Recently I was chatting with some Christian friends and we were recollecting some of Jesus' teachings - I, particularly, specified a couple aspects of the New Testament that were downright absurd; one is resurrection: one group of Christians believe Christ had actually raised from the dead, and the other that it was a metaphor. The first view is obviously non-scientific, and one might actually argue it makes no sense.
I have been reading the nikayas myself and although I have found them to be beautiful, I cannot avoid detecting leftovers of Hinduism and absurdity in Buddha's sayings - if taken literally. I have already asked a question about the absurdity of interpreting rebirth literally, and was satisfied with Buddhadasa Bikkhu's view that it should be interpreted metaphorically - even though Buddha explicitly said that rebirth also happened after death (references can be found in the linked question). I now have read more suttas and am very dislocated with regards to many passages. I list some of them below.
Buddha affirms ugliness is a direct consequence of past lives (MN 135):
There is the case, where a woman or man is ill-tempered & easily upset; even when lightly criticized, he/she grows offended, provoked, malicious, & resentful; shows annoyance, aversion, & bitterness. Through having adopted & carried out such actions, on the break-up of the body, after death, he/she reappears in the plane of deprivation... If instead he/she comes to the human state, then he/she is ugly wherever reborn.
Buddha affirms conception is only possible with the presence of a lesser metaphysical creature to be reborn in the foetus (MN 93):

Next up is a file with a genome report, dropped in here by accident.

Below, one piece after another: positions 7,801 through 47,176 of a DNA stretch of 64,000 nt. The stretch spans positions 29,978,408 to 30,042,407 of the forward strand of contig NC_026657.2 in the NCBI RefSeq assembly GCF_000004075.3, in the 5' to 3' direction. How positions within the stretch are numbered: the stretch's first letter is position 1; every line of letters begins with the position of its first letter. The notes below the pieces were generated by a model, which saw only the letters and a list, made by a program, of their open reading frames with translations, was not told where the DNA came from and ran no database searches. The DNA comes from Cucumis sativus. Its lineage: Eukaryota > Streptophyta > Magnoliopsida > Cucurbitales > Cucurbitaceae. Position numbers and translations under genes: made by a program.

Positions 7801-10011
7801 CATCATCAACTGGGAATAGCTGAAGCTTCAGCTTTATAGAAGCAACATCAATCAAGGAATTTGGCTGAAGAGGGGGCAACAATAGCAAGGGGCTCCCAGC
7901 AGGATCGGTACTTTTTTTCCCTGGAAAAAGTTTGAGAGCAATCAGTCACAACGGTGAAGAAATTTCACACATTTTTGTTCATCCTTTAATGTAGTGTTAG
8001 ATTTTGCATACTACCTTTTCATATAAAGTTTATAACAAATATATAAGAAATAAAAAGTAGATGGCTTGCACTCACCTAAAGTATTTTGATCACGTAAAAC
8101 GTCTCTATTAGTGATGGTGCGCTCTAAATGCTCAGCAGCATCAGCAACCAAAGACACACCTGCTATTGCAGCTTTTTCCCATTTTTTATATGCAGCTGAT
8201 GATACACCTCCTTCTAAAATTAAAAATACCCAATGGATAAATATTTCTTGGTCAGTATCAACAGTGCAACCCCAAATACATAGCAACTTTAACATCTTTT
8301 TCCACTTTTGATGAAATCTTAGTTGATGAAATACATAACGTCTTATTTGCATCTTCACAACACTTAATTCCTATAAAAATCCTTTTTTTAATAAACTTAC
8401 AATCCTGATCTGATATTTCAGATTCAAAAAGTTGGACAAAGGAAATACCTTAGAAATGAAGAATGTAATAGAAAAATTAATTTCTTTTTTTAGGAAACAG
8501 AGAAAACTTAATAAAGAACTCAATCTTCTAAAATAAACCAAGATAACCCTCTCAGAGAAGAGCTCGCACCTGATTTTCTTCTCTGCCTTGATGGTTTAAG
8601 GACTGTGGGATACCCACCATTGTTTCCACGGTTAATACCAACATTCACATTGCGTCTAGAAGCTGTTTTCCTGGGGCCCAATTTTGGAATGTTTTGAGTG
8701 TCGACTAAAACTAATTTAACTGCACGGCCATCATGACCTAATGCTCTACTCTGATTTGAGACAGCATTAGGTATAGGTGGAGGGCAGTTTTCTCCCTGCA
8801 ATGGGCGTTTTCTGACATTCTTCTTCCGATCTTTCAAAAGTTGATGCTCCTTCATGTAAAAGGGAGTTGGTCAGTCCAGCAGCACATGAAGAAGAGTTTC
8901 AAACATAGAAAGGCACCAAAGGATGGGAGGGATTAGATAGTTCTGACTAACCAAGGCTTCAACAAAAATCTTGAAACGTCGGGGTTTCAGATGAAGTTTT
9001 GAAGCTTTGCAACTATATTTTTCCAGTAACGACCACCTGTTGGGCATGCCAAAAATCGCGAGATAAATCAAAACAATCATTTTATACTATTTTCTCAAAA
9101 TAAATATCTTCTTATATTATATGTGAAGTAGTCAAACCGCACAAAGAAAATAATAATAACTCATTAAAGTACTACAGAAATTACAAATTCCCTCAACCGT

"'Do you know how there is the descent of an embryo?'
"'Yes, master, we know how there is the descent of an embryo. There is the case where the mother & father have come together, the mother is fertile, and a gandhabba [the being about to be reborn] is standing present. The coming together of these three is the descent of the embryo.'
Buddha affirms that Dhamma practise will turn a person into, let's face it, some sort of superman (DN 2):
With his mind thus concentrated, purified, and bright, unblemished, free from defects, pliant, malleable, steady, and attained to imperturbability, he directs and inclines it to the modes of supranormal powers. He wields manifold supranormal powers. Having been one he becomes many; having been many he becomes one. He appears. He vanishes. He goes unimpeded through walls, ramparts, and mountains as if through space. He dives in and out of the earth as if it were water. He walks on water without sinking as if it were dry land. Sitting cross-legged he flies through the air like a winged bird. With his hand he touches and strokes even the sun and moon, so mighty and powerful. He exercises influence with his body even as far as the Brahma worlds.
If taken metaphorically, the last quote can make sense. The first and second are fruits of a mind that was born in the VI BCE, before the discovery of genetics and physiology.
A previous question has answers that say that to be a Buddhism a person has to have "unwavering faith in Buddha". Does that mean that to become a Buddhist I must give hand of science and start believing nonsense like this? Is it part of being a Buddhist believing everything the Buddha said is true, or must I be discerning and throw away things that are now know to be false?
I have already understood that the role of Buddha is taken to be showing mankind the Four Noble Truths and the Eightfold Path. These do make sense for me, completely... But I'm stuck with those esoteric aspects of Buddhism.